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- The Parson's Daughter of Oxney Colne - 3/6 -
sufficed to satisfy the proud spirit of the girl he loved. She by that time had confessed to herself that she loved him with all her heart; but she had made no such confession to him. To him she had spoken no word, granted no favour, that any lover might rightfully regard as a token of love returned. She had listened to him as he spoke, and bade him keep such sayings for the drawing-rooms of his fashionable friends. Then he had spoken out and had asked for that hand,--not, perhaps, as a suitor tremulous with hope,--but as a rich man who knows that he can command that which he desires to purchase.
"You should think more of this," she had said to him at last. "If you would really have me for your wife, it will not be much to you to return here again when time for thinking of it shall have passed by." With these words she had dismissed him, and now he had again come back to Oxney Colne. But still she would not place herself at the window to look for him, nor dress herself in other than her simple morning country dress, nor omit one item of her daily work. If he wished to take her at all, he should wish to take her as she really was, in her plain country life, but he should take her also with full observance of all those privileges which maidens are allowed to claim from their lovers. He should contract no ceremonious observance because she was the daughter of a poor country parson who would come to him without a shilling, whereas he stood high in the world's books. He had asked her to give him all that she had, and that all she was ready to give, without stint. But the gift must be valued before it could be given or received, he also was to give her as much, and she would accept it as beyond all price. But she would not allow that that which was offered to her was in any degree the more precious because of his outward worldly standing.
She would not pretend to herself that she thought he would come to her that day, and therefore she busied herself in the kitchen and about the house, giving directions to her two maids as though the afternoon would pass as all other days did pass in that household. They usually dined at four, and she rarely in these summer months went far from the house before that hour. At four precisely she sat down with her father, and then said that she was going up as far as Helpholme after dinner. Helpholme was a solitary farmhouse in another parish, on the border of the moor, and Mr. Woolsworthy asked her whether he should accompany her.
"Do, papa," she said, "if you are not too tired." And yet she had thought how probable it might be that she should meet John Broughton on her walk. And so it was arranged; but just as dinner was over, Mr. Woolsworthy remembered himself.
"Gracious me," he said, "how my memory is going. Gribbles, from Ivybridge, and old John Poulter, from Bovey, are coming to meet here by appointment. You can't put Helpholme off till to-morrow?"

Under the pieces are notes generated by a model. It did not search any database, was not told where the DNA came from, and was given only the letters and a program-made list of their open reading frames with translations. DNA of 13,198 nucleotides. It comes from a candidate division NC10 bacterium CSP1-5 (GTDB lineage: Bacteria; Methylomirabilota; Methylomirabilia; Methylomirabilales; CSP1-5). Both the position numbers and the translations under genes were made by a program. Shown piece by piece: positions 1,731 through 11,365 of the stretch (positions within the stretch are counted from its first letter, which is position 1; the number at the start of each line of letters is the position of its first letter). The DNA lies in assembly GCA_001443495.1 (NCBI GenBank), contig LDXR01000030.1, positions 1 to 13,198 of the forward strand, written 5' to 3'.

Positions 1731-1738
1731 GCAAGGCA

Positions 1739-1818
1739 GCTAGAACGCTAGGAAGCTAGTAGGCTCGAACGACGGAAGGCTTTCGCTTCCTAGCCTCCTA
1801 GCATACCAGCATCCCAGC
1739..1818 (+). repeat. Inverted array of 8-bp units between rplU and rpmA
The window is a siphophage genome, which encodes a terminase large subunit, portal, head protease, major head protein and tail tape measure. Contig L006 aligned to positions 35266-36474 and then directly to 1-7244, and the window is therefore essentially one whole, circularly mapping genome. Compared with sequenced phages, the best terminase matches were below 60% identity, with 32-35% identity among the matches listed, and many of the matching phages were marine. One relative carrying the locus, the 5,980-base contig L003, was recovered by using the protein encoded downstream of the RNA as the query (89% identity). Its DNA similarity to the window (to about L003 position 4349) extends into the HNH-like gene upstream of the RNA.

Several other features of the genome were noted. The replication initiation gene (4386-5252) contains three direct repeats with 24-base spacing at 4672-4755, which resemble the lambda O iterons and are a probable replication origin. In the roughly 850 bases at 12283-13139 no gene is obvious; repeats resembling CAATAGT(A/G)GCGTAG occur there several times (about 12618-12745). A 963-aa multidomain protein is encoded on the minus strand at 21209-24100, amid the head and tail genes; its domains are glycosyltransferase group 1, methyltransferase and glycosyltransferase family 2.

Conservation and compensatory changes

Patience, however, never put off anything, and therefore at six o'clock, when her father had finished his slender modicum of toddy, she tied on her hat and went on her walk. She started with a quick step, and left no word to say by which route she would go. As she passed up along the little lane which led towards Oxney Combe, she would not even look to see if he was coming towards her; and when she left the road, passing over a stone stile into a little path which ran first through the upland fields, and then across the moor ground towards Helpholme, she did not look back once, or listen for his coming step.
She paid her visit, remaining upwards of an hour with the old bedridden mother of the tenant of Helpholme. "God bless you, my darling!" said the old woman as she left her; "and send you some one to make your own path bright and happy through the world." These words were still ringing in her ears with all their significance as she saw John Broughton waiting for her at the first stile which she had to pass after leaving the farmer's haggard.
"Patty," he said, as he took her hand, and held it close within both his own, "what a chase I have had after you!"
"And who asked you, Captain Broughton?" she answered, smiling. "If the journey was too much for your poor London strength, could you not have waited till to-morrow morning, when you would have found me at the parsonage?" But she did not draw her hand away from him, or in any way pretend that he had not a right to accost her as a lover.
"No, I could not wait. I am more eager to see those I love than you seem to be."
"How do you know whom I love, or how eager I might be to see them? There is an old woman there whom I love, and I have thought nothing of this walk with the object of seeing her." And now, slowly drawing her hand away from him, she pointed to the farmhouse which she had left.
"Patty," he said, after a minute's pause, during which she had looked full into his face with all the force of her bright eyes; "I have come from London to-day, straight down here to Oxney, and from my aunt's house close upon your footsteps after you, to ask you that one question--Do you love me?"